Senate confirms Salazar, Chu as Interior, Energy secretaries

The US Senate confirmed Ken Salazar's nomination as Interior secretary and Steven Chu's nomination as Energy secretary on Jan. 20.

Nick Snow
Washington Editor

WASHINGTON, DC, Jan. 21 -- The US Senate confirmed Ken Salazar's nomination as Interior secretary and Steven Chu's nomination as Energy secretary on Jan. 20.

Five more of President Barack H. Obama's key nominees also were approved: Thomas J. Vilsack as Agriculture secretary, Arne Duncan as Education secretary, Janet A. Napolitano as Homeland Security secretary, Eric K. Shinseki as Veterans Affairs secretary, and Peter K. Orszag as White House Office of Management and Budget director.

Salazar said in a statement following his confirmation that his first priority will be to lead the department with open decision-making, high ethical standards and respect for scientific integrity. "I will work for a more proactive and balance stewardship to protect our national parks and open spaces, restore our nation's rivers, resolve our water supply challenges and address the challenges faced by our Native American communities," he said.

Salazar called Obama's energy and environment strategy "our moon shot" for energy independence. "A national energy policy that includes conservation, expanded renewable sources, and wise responsible use of conventional fuels such as coal, oil, and natural gas will create jobs here in America, protect our national security by reducing America's dangerous dependence on foreign oil, and confront the dangers of global warming," he said.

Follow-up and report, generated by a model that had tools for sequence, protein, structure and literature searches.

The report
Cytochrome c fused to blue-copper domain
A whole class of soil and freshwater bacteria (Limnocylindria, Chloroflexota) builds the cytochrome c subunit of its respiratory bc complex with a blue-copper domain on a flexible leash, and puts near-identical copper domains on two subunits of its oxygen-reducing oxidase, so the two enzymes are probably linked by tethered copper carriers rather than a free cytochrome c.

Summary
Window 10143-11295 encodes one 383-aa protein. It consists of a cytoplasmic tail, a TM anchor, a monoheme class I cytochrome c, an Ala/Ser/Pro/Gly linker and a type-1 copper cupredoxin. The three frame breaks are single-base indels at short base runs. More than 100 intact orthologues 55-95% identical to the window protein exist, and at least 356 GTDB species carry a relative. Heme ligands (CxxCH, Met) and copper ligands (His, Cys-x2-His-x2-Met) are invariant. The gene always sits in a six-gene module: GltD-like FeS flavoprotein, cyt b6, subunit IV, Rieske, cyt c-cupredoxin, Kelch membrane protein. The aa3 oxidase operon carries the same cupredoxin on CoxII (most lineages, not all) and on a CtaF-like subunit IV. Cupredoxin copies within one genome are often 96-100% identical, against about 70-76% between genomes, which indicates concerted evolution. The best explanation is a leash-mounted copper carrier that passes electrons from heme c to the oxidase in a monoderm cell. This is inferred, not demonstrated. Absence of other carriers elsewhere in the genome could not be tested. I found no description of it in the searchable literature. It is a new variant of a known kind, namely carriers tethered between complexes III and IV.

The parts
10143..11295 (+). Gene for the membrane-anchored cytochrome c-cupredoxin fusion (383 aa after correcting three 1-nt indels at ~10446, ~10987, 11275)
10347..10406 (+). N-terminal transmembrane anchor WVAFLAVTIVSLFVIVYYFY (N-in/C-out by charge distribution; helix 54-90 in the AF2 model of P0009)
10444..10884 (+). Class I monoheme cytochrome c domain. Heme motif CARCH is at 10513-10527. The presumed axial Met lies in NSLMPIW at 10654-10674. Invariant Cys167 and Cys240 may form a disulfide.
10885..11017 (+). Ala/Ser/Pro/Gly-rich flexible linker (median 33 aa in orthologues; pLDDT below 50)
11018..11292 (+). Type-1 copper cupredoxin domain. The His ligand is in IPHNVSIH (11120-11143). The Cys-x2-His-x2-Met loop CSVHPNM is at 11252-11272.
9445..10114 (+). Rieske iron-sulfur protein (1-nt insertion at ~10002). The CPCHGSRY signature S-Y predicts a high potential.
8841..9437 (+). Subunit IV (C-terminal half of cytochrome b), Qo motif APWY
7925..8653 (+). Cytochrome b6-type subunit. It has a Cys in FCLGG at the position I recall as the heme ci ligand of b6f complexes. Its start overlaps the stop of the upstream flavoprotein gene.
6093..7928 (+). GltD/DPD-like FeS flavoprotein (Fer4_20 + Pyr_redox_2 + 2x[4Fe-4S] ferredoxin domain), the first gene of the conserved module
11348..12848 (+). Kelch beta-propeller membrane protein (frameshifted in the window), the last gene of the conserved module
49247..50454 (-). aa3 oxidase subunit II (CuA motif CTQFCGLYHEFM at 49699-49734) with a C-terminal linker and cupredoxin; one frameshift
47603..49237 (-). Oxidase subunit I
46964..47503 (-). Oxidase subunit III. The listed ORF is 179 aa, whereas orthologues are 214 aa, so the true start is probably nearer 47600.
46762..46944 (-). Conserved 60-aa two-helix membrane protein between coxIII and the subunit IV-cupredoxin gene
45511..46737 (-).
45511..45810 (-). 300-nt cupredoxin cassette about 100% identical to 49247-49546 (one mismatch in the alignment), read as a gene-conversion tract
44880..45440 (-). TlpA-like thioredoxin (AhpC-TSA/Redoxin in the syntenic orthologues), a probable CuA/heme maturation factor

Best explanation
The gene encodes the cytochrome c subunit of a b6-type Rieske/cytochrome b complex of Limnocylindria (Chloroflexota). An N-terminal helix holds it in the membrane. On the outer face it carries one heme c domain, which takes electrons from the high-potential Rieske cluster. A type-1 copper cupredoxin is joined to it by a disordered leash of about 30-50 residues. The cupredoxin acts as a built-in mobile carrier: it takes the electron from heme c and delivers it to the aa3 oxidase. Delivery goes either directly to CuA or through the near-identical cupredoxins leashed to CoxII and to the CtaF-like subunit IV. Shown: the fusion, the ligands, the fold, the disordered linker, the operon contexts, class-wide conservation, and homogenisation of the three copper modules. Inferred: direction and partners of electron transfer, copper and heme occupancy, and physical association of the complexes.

At his Jan. 13 confirmation hearing before the Senate Energy and Natural Resources Committee, Chu said the nation faces both global climate change and energy security threats. "Last year's rapid spike in oil and gasoline prices not only contributed to the recession we are now experiencing, it also put a huge strain on the budgets of families all across America," he said in his opening statement.

"Although prices are now lower, we know that our economy remains vulnerable to future price swings. We must make a greater, more committed push toward energy independence and with it a more secure energy system," Chu continued. He said Obama's energy plan is aggressive, but achievable, and that it would put the US on a course to a better energy and environmental future, create new jobs and industries, restore US energy technology leadership, and help form the foundation for future economic prosperity.

Contact Nick Snow at nicks@pennwell.com.

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